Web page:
CONNstruction - Summer 2009 - (Page 15)

newsandviews U.S. Supreme Court Expands Employee Protection Against Retaliation Last January, a unanimous Supreme Court ruled that Title VII’s anti-retaliation provisions protect employees who disclose allegations of unlawful discrimination while being interviewed during a company’s internal investigation. In Crawford v. Metropolitan Gov’t of Nashville and Davidson County, the Court held that employees need not initiate a complaint in order to have engaged in protected activity under Title VII. Instead, when an employee reports improper conduct during an internal investigation, that report qualifies as protected opposition to the improper conduct. In Crawford, the employer’s human resources officer was investigating rumors that the employee relations director had engaged in sexual harassment. As part of the investigation, the HR officer questioned a co-worker of the complainant, Vicky Crawford. Ms. Crawford responded to questions and disclosed that the alleged harasser had sexually harassed her in the past. Shortly after the investigation was complete Crawford was terminated for alleged involvement in embezzlement, which she denied. Crawford sued, alleging retaliation based on her disclosure of harassment during the investigation. Title VII’s anti-retaliation provision makes it unlawful “for an employer to discriminate against any employee” who: 1. “has opposed any practice made an unlawful employment practice by this subchapter” (opposition clause), or 2. “has made a charge, testified, assisted, or participated in any manner in an investigation, proceeding, or hearing under this subchapter” (participation clause). Crawford’s employer argued that her statements about the alleged harasser in response to questions during the investigation did not qualify as protected opposition or participation, and two lower courts agreed. The Court of Appeals for the Sixth Circuit determined that for opposition to warrant protection under Title VII, the conduct must be “active and persistent.” The Supreme Court reversed. Writing for the Court, Justice David Souter explained that in the absence of statutory definition, the word “oppose” should be given its ordinary meaning. Using a dictionary definition, he stated that opposition meant “to resist or antagonize . . . to contend against, to confront, resist; withstand.” Most importantly, the Court stated that the ordinary meaning of “oppose” does not pertain only to conduct that is active and consistent, but goes further to include situations in which an individual takes “no action at all to advance a position beyond disclosing it.” The Court reasoned that Crawford’s conduct was opposition in the ordinary sense of the word. To find otherwise, according to Justice Souter, would be to announce a “freakish rule protecting an employee who reports discrimination on her own initiative, but not one who reports the same case of discrimination in the same words when her boss asks her a question.” By John Leahy CCIA Director of Labor Relations and Human Resources Employers should be careful when making disciplinary decisions to avoid taking adverse action when an employee has recently participated in an internal investigation or has complained about discrimination. Impact for Employers Retaliation charges filed with the EEOC more than doubled between 1992 and 2007. More than 32 percent of charges filed with the EEOC in 2007 were based on retaliation. Interestingly, courts hold that if a plaintiff can show he/she had a “good faith” belief that the conduct being opposed was illegal and can show an adverse employment action in response, (usually by showing what courts call “temporal proximity” – a short time span between the opposition and the discipline or termination) a plaintiff can recover even if the court determines that the underlying conduct complained of was not in fact prohibited by law. Employers should be careful when making disciplinary decisions to avoid taking adverse action when an employee has recently participated in an internal investigation or has complained about discrimination. This is yet another reason to make sure employee job performance is properly documented. It is also a good idea to have one person in a business unit responsible for reviewing all terminations before implementation. CONNstruction / Summer 2009 / 15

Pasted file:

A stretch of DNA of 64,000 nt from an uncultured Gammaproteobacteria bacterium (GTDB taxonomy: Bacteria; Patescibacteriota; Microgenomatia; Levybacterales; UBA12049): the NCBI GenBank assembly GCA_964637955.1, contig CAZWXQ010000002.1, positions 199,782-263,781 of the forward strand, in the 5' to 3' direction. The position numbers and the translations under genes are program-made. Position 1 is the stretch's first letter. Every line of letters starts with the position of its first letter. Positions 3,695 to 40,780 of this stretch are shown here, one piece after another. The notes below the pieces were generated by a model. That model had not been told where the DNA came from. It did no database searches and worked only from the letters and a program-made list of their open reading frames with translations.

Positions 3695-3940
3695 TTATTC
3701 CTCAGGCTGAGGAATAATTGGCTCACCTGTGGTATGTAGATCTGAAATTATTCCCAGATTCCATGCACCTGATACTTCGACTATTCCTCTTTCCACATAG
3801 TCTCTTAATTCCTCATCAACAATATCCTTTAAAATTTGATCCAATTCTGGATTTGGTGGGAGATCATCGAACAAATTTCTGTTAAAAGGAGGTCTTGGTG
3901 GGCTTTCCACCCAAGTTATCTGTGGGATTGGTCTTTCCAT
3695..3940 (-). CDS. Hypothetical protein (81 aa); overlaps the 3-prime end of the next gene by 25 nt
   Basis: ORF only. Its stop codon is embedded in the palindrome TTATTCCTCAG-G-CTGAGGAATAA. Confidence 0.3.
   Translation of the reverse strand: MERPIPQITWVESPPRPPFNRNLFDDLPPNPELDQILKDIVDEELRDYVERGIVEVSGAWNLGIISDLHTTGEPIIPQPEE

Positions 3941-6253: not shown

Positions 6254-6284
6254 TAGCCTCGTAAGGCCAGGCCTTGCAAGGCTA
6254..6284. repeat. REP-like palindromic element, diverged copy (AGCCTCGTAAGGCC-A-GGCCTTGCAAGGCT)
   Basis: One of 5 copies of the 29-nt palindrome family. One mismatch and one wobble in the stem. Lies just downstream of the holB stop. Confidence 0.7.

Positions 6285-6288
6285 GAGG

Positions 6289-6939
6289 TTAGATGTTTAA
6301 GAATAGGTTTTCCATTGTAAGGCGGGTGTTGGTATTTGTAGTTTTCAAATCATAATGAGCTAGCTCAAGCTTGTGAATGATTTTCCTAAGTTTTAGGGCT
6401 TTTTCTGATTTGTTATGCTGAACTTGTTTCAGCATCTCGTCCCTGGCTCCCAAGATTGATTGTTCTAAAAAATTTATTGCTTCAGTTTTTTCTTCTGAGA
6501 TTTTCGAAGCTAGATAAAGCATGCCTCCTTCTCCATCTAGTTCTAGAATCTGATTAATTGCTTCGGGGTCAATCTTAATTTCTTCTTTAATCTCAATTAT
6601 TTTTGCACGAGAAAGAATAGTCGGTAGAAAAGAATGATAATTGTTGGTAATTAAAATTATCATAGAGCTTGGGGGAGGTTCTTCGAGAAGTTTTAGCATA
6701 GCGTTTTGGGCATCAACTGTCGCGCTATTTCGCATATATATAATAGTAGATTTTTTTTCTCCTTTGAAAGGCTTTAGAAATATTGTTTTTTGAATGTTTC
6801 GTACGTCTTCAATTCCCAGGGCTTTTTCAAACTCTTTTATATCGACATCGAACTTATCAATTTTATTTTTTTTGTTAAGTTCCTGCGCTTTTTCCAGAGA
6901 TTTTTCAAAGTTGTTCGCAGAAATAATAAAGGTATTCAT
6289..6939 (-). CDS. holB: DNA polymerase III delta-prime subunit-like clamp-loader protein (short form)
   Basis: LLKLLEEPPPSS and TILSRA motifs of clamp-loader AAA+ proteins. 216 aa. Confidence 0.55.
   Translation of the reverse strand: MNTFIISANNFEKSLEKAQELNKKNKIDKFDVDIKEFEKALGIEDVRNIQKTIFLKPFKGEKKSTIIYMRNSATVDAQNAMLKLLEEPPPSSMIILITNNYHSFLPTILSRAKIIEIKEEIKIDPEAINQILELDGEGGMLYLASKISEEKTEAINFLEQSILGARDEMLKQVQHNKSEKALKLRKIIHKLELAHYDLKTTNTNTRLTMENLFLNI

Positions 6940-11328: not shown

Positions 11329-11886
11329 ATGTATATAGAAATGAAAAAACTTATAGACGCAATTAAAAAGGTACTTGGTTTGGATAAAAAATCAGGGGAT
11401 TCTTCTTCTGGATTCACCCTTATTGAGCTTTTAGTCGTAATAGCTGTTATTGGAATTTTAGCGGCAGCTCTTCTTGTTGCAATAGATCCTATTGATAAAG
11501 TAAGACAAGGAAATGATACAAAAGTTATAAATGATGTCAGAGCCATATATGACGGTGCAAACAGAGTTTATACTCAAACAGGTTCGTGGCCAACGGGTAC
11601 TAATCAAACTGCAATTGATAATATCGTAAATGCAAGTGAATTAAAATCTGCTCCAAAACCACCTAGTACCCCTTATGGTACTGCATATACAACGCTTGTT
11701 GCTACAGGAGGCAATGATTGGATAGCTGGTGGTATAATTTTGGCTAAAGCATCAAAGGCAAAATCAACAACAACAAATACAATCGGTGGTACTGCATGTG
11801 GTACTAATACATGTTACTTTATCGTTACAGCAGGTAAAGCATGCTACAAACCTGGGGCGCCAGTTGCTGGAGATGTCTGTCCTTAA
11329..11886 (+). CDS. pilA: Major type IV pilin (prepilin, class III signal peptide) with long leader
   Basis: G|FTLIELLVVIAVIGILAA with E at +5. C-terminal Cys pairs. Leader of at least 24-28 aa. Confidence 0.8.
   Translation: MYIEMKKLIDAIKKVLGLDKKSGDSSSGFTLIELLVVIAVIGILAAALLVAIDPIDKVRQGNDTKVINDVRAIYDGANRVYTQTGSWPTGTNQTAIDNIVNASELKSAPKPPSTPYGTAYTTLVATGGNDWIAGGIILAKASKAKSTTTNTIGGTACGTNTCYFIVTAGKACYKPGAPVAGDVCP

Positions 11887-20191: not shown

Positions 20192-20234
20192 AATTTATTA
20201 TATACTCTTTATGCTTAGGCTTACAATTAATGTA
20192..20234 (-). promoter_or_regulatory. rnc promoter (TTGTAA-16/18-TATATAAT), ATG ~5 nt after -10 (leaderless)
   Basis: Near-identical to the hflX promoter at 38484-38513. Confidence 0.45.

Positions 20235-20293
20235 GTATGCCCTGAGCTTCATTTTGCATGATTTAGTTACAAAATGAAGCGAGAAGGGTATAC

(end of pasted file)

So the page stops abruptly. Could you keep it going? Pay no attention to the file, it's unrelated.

Table of Contents for the Digital Edition of CONNstruction - Summer 2009

CONNstruction - Summer 2009
Contents
Adapting to Change
The Future will be Lean and Green
Think Regionally, Act Regionally
Demanding Notice and an Opportunity to Be Heard When a State Agency Changes its Rules: A Call for Democracy
U.S. Supreme Court Expands Employee Protection Against Retaliation
ConsensusDOCS™: Dare to Change
Reauthorization of Federal SAFETEA-LU
Get on the Bus: LiUNA
Get on the Bus: LiUNA
Economic Downturn Gives Owners Time for Business Exit Strategy Planning
AGC/CT Annual Meeting
CONNDOT-CAAPA Paving Conference
Senator Lieberman Visit
UCAC’s Spring General Membership Meeting
Local 478 Education Trust Dinner
Index to Advertisers
Advertiser.com

CONNstruction - Summer 2009

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